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by Mosi Reeves

August 7, 2012

Catching Up With Andre 3000

by Mosi Reeves  |  August 7, 2012

Andre 3000, one of a handful of rappers who can legitimately claim to being one of the best ever, has delighted and flummoxed us for years. We can only speculate on the reasons why.

Every so often, Andre Three Stacks teases us with a handful of guest appearances on other artists' songs. On the surface, that's no big deal: When a rapper is hot, like Rick Ross and 2 Chainz, he can generate dozens of cameo appearances in less than a year. But when Andre blesses a track, it's still a major event, because his group,  OutKast, has been silent since 2006's uneven Idlewild soundtrack (and the inarguably bad movie it accompanied). The duo didn't necessarily go out on top, but their string of classic albums (matched only by Kanye West) has left us hungry for fresh material, whether it's a new Big Boi solo project like 2010's Sir Lucious Left Foot: The Son Of Chico Dusty, or an odd verse from 'Dre.

It doesn't hurt that Andre 3000's guest appearances tend to be terrific in that casual, offhand manner that only he and his inimitable ATL drawl can manage. His verse made Devin the Dude's "What a Job" one of the best Southern rap songs of the past decade. He gets on such a roll when he woos a girl during the bridge of John Legend's "Green Light," that he chuckles at his audaciousness and makes us laugh, too. And he made rap fans actually listen to a Ke$ha song, "Sleazy 2.0 Get Sleazier" (though we really didn't want to). There is Jay-Z's "30 Something (Remix)," Beyoncé's "Party," and Drake's "The Real Her"... perhaps the only time another rapper outshined Andre 3000 is on an "Interlude" from Lil Wayne's The Carter IV, when Tech N9ne speed-rapped a burner verse. Even legends have their off days.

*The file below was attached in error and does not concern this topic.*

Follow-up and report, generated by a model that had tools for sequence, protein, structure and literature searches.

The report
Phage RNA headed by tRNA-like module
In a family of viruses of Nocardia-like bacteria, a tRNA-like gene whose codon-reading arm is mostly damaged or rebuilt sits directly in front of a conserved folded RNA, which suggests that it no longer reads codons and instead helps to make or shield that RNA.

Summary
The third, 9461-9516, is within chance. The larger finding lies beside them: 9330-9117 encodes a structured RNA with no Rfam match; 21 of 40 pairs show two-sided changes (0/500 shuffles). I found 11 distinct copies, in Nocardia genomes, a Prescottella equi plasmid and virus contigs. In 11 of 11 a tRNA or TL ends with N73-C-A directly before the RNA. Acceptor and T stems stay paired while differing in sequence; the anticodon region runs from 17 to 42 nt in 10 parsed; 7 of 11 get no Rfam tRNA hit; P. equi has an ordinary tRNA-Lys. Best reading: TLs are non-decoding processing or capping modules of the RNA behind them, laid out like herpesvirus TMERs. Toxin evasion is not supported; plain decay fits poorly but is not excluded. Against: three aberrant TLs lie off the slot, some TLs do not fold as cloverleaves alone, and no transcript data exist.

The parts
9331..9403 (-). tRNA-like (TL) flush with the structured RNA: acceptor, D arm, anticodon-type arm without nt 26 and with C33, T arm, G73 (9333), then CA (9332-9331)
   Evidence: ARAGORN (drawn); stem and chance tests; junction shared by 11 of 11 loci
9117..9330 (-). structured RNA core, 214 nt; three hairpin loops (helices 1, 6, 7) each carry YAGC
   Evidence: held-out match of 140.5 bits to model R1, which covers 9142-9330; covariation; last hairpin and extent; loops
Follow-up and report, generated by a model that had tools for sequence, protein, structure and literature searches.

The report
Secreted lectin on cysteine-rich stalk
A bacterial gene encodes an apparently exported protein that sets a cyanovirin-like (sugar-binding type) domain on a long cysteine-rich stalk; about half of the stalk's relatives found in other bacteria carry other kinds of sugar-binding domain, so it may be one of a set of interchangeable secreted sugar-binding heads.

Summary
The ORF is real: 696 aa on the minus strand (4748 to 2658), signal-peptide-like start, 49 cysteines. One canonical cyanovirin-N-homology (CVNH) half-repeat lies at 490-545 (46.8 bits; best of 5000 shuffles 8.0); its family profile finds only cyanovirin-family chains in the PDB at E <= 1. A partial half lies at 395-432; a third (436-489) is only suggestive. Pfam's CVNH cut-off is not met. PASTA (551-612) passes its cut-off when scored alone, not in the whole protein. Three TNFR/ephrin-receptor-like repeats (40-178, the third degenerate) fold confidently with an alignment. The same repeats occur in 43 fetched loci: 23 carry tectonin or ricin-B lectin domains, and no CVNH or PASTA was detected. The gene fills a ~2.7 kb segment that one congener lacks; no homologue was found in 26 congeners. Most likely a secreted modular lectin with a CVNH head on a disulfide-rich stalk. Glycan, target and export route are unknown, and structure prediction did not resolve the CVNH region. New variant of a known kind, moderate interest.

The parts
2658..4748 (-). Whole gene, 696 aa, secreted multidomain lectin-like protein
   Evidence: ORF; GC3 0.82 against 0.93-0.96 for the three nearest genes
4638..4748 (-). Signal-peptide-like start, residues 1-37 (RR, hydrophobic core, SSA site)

In July, two more Andre verses appeared. For Frank Ocean's "Pink Matter," he remembers a woman who "had the kind of body that would probably intimidate/ Any of them that were un-Southern/ Not me cousin/ If models are made for modeling/ Thick girls are made for cuddling." Rick Ross' "Sixteen" finds him tortured over the concept of a 16-bar verse, and how he can't fit what he has to say in such a short frame of time. Andre also plays guitar on both tracks, perhaps as a way of promoting his upcoming Jimi Hendrix biopic. On "Sixteen" in particular, he attempts a stilted, Hendrix-like solo with a few strummed notes and a little reverb.

Such goofiness is to be expected from Andre Three Stacks -- after all, this is the guy whose only official solo album to date is a little-promoted children's record, 2007's Class of 3000. In fact, it's what we love about him.

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